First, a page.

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WFP: More than a quarter-billion face starvation due to coronavirus crisis

A Palestinian doctor checks the body temperature of a child at a United Nations Relief and Works Agency for Palestinian Refugees school at the Khan Youns refugee camp in southern Gaza on March 18. Photo by Ismael Mohamad/UPI
A Palestinian doctor checks the body temperature of a child at a United Nations Relief and Works Agency for Palestinian Refugees school at the Khan Youns refugee camp in southern Gaza on March 18. Photo by Ismael Mohamad/UPI | License Photo

April 21 (UPI) -- The global coronavirus crisis will push more than a quarter of a billion people into possible starvation if vital aid doesn't reach the most at-risk communities, the World Food Program said Tuesday.

The WFP said in its annual report the pandemic could affect more than 265 million people by the end of 2020 without key humanitarian relief in those areas, particularly in low and moderate-income countries in Africa and the Middle East.

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The 240-page report will be presented Tuesday to the United Nations Security Council.

"These new projections show the scale of the catastrophe we are facing," WFP Chief Economist Arif Husain said in a statement. "We must make sure that tens of millions of people already on the verge of starvation do not succumb to this virus or to its economic consequences in terms of loss of jobs and incomes.

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"Just like in developed nations, governments are doing all they can to assist their people. We need to do the same for tens of millions of people."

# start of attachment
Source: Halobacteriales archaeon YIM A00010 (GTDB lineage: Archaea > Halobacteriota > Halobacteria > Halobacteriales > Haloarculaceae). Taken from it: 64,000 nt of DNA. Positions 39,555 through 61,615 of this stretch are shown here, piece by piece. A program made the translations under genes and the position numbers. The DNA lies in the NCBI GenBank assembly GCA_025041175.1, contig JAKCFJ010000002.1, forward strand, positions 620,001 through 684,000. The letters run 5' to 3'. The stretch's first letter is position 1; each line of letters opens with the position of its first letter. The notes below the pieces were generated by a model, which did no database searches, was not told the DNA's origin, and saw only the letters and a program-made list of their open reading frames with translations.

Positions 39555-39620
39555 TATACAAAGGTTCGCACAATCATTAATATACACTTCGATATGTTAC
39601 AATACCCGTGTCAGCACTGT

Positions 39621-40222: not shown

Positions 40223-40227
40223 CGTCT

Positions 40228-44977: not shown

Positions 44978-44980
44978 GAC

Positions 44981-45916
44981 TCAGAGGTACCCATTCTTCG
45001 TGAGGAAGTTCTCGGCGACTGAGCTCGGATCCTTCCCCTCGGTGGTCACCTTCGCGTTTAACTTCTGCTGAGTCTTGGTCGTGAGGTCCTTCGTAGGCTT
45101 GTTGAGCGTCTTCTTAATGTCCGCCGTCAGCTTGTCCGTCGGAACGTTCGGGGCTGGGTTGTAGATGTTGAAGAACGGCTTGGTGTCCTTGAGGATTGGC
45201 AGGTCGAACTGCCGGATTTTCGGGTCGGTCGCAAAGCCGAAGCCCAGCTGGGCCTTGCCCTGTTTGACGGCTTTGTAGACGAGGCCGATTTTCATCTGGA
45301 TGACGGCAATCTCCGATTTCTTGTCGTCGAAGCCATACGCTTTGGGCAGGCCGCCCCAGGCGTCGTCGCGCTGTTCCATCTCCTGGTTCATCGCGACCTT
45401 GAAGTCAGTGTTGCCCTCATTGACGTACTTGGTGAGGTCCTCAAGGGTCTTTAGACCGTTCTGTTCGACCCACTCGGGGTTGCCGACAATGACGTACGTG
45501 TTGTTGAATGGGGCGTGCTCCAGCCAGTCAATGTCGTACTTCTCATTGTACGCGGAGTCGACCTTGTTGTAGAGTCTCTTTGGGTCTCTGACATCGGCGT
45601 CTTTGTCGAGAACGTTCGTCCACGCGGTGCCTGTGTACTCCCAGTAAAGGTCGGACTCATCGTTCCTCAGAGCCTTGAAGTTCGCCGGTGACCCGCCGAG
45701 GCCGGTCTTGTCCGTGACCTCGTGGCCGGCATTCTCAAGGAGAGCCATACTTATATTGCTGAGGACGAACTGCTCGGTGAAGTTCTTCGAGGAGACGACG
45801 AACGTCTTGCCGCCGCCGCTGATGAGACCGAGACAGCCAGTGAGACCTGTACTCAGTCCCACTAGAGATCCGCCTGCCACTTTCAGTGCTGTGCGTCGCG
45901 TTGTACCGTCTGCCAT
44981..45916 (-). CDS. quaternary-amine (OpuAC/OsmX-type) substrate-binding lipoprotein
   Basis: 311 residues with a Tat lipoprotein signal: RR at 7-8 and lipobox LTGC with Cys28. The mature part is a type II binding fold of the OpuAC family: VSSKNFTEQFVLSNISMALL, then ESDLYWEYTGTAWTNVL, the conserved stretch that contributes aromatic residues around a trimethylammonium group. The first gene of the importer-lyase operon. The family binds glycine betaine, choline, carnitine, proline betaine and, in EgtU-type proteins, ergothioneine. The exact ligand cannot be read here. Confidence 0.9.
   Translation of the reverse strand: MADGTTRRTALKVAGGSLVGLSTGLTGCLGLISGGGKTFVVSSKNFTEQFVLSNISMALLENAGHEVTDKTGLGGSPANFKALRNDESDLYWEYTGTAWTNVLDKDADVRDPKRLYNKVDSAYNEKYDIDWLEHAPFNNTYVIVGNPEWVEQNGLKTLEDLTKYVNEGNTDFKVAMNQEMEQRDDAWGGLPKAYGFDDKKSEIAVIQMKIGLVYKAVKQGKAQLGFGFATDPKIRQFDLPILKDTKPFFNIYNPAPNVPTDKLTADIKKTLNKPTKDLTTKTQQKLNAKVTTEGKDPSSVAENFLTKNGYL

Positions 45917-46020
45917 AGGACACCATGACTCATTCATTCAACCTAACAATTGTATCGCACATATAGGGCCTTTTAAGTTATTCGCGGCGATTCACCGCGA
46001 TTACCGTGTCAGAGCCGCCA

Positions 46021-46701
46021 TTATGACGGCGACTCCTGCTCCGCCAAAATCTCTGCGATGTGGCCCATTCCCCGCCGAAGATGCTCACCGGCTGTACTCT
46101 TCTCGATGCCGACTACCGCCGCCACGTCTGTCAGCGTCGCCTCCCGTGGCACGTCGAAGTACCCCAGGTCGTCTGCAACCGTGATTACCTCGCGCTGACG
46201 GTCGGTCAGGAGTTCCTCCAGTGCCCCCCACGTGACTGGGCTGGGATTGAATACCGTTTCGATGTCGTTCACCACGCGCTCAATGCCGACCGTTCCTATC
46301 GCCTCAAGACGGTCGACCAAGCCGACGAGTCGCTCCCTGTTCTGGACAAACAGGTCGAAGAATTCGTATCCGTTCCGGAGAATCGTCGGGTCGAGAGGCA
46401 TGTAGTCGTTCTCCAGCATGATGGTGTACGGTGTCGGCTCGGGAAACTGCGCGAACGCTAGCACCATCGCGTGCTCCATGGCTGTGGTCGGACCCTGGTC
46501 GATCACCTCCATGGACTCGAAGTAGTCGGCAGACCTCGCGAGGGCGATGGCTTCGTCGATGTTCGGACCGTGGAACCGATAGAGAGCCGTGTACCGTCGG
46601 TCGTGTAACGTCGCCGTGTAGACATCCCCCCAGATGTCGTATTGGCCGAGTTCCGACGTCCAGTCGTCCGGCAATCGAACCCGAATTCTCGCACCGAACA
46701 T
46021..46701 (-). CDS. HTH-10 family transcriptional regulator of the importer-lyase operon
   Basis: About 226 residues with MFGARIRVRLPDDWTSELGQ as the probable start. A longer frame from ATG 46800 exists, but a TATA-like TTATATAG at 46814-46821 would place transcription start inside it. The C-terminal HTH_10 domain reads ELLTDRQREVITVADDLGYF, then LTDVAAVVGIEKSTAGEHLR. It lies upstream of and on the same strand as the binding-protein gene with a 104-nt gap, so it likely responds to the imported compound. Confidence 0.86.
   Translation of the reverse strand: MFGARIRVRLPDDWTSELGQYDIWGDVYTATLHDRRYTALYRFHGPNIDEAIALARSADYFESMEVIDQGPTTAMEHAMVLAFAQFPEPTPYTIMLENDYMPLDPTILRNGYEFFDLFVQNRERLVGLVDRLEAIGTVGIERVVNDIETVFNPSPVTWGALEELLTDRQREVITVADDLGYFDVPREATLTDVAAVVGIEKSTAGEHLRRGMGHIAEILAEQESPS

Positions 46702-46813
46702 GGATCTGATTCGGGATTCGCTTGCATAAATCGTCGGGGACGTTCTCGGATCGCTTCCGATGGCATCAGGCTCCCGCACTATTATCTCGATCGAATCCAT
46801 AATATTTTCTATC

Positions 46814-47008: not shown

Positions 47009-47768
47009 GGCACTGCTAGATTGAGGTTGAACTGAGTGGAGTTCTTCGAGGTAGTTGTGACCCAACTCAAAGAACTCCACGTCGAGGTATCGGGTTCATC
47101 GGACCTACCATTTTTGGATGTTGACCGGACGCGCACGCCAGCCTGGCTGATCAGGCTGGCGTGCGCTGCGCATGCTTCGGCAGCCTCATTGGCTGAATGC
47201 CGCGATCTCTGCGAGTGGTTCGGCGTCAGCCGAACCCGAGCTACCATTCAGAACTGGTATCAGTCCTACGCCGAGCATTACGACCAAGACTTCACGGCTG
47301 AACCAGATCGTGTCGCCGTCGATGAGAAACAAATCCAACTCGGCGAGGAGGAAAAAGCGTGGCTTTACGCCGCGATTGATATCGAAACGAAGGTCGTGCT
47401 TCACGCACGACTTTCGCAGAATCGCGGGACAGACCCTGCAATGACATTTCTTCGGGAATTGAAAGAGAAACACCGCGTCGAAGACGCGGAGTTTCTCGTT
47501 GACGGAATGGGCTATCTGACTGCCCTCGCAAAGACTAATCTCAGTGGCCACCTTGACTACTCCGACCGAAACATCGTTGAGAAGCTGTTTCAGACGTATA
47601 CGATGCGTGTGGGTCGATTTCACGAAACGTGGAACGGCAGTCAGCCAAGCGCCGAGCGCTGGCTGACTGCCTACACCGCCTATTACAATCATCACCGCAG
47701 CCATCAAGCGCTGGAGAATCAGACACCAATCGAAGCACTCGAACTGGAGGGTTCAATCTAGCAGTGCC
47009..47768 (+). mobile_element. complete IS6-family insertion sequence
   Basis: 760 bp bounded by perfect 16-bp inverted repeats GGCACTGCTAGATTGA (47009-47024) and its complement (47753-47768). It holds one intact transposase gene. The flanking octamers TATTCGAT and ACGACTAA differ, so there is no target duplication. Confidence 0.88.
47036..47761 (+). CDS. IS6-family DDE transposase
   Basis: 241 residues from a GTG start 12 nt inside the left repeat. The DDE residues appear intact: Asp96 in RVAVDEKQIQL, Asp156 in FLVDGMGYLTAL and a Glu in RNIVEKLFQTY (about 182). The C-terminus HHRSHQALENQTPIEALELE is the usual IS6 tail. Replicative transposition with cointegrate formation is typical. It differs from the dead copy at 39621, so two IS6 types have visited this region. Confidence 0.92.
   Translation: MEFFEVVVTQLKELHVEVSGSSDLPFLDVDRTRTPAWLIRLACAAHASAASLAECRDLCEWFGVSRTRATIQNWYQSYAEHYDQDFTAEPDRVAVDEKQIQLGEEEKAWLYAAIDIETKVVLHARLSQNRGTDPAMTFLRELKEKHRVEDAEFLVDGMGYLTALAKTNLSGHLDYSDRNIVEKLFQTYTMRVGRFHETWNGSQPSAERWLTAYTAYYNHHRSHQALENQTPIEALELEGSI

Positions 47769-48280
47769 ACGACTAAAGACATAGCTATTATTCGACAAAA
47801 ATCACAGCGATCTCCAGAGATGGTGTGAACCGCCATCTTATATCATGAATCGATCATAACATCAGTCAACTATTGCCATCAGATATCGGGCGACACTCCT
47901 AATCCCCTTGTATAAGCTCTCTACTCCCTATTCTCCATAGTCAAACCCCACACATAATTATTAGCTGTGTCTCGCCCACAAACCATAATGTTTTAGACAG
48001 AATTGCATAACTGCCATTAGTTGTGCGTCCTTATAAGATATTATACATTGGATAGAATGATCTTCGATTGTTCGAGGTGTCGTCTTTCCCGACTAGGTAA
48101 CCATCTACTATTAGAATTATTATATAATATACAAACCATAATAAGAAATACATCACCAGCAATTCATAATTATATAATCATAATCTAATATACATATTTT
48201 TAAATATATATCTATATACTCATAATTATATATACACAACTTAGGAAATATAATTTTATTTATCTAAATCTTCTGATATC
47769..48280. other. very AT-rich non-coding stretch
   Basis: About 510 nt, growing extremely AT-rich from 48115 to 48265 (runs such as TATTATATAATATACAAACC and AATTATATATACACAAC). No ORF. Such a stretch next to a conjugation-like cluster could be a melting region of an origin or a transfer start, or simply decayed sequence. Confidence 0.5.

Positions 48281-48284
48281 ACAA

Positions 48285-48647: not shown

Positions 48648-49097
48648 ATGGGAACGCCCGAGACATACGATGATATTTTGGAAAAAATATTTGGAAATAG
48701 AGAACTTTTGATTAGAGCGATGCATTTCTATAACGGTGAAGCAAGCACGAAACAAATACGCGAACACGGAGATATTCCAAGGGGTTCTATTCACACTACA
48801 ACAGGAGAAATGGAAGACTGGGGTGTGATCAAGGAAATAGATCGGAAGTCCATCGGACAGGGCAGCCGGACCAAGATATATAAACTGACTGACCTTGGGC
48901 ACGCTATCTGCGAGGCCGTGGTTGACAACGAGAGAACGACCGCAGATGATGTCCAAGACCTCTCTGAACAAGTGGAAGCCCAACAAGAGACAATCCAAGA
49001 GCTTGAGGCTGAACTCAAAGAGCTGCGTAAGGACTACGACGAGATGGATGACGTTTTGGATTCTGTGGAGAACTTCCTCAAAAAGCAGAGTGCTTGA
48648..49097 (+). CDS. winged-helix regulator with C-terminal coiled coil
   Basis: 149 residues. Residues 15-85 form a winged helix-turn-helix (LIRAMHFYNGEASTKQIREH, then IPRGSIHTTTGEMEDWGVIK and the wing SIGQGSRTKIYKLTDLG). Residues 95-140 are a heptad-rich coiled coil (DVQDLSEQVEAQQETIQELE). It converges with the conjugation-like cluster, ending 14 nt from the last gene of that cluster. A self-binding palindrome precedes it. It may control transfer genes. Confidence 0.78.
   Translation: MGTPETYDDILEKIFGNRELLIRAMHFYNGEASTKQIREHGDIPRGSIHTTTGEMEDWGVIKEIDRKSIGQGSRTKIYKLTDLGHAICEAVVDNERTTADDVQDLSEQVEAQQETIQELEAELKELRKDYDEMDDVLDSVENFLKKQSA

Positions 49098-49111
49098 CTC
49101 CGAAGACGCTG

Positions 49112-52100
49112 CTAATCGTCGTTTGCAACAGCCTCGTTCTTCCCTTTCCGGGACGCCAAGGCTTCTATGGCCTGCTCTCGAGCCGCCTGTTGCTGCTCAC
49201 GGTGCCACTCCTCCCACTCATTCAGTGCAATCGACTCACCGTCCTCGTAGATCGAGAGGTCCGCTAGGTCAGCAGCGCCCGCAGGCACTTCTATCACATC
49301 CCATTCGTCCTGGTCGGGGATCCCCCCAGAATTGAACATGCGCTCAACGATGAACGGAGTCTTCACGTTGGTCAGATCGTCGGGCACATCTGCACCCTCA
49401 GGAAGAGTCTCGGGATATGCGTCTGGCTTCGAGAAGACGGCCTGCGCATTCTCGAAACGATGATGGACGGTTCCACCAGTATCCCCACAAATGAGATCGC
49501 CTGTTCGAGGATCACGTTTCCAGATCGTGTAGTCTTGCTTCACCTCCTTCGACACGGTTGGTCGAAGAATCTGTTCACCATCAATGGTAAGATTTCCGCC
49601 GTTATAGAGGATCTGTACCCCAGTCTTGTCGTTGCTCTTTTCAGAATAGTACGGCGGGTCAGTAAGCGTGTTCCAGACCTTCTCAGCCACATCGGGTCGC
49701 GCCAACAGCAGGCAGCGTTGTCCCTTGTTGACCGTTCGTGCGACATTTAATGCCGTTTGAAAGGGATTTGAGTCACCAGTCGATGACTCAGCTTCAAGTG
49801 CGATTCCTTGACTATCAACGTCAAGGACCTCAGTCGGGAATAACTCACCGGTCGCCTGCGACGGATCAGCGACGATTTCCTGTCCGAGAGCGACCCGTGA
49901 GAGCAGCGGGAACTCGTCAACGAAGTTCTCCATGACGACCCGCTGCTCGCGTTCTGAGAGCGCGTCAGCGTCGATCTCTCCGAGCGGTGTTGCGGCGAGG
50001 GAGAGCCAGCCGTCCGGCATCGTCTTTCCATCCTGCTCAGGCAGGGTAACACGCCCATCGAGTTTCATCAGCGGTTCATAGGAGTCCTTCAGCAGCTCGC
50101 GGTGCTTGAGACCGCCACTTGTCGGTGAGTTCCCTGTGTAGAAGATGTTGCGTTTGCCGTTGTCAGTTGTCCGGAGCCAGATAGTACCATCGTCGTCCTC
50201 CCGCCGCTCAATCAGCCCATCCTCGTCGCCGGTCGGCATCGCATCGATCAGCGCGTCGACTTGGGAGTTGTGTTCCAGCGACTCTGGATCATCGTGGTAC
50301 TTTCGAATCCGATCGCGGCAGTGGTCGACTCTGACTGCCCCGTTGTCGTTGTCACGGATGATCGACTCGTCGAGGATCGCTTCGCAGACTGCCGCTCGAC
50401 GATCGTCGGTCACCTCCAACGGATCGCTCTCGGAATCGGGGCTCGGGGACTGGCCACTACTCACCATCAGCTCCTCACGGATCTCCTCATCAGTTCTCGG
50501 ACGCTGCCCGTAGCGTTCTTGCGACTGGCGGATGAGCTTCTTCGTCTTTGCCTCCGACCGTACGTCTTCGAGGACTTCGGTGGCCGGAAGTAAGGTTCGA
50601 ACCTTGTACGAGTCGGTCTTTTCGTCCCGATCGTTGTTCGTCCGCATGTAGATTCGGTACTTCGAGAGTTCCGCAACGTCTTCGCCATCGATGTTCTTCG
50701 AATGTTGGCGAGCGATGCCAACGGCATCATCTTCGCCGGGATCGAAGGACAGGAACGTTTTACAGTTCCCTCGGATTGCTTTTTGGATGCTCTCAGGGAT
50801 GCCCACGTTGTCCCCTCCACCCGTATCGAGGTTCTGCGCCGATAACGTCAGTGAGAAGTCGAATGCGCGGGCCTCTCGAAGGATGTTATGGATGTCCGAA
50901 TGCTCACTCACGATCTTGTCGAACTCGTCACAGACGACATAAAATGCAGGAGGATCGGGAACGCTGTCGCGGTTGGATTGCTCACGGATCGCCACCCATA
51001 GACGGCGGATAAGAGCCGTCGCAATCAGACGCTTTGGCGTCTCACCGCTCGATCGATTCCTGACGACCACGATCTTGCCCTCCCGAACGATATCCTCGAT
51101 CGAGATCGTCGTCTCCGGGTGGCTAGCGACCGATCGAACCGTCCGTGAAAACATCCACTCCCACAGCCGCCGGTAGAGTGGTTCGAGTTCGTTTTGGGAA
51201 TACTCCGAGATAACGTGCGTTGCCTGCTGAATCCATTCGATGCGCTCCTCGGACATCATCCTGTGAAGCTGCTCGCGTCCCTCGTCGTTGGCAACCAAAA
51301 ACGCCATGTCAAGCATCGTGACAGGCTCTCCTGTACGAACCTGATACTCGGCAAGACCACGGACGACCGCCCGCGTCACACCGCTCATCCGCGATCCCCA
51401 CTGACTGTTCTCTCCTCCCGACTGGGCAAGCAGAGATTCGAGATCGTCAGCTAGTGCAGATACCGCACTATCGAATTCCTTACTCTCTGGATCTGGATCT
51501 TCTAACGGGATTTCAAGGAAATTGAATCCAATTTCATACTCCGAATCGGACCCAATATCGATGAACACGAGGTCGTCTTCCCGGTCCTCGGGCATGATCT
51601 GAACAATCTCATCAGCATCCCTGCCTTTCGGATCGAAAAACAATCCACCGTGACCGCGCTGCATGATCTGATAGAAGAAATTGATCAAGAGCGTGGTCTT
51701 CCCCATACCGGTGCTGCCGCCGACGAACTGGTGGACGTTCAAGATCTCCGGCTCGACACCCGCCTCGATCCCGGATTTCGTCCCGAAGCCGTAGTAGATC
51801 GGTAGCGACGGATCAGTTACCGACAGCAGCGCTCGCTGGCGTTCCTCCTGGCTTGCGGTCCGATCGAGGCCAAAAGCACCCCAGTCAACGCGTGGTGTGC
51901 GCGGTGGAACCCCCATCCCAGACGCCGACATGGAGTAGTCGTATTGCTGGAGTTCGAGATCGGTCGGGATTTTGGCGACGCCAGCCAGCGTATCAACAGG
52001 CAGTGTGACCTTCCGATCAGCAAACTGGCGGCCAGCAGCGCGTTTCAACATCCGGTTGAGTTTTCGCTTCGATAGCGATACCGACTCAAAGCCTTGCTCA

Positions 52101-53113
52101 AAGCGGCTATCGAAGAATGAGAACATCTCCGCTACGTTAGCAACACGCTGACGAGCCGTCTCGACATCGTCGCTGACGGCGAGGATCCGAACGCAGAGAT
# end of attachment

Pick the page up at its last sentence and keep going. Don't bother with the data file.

The U.N. agency said the new numbers are up sharply from its earlier Global Report on Food Crises, which said 135 million people were at a crisis point last year. The WFP gathered its data before the full impact of the coronavirus pandemic arrived.

The WFP report said conflict zones, where social distancing and avoiding large gatherings are not an option in cramped refugee camps, are of particular concern and countries like Nigeria, South Sudan, Syria and Yemen could become even greater hot spots for hunger.

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"These countries may face an excruciating trade-off between saving lives or livelihoods or, in a worst-case scenario, saving people from the coronavirus to have them die from hunger," the report said. "To prevent these tens of millions of people already facing food crises from succumbing to the virus or to its economic consequences, all actors need to mobilize and coordinate along a set of operational and strategic priorities."

The WFP projects $350 million in relief aid is needed immediately, but only about a quarter of that amount has been earmarked for the agency.

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A health worker with the Israeli national emergency service, Magen David Adam, wears protective gear while taking swabs to test for COVID-19 at a drive-through testing center in East Jerusalem on August 26. Photo by Debbie Hill/UPI | License Photo

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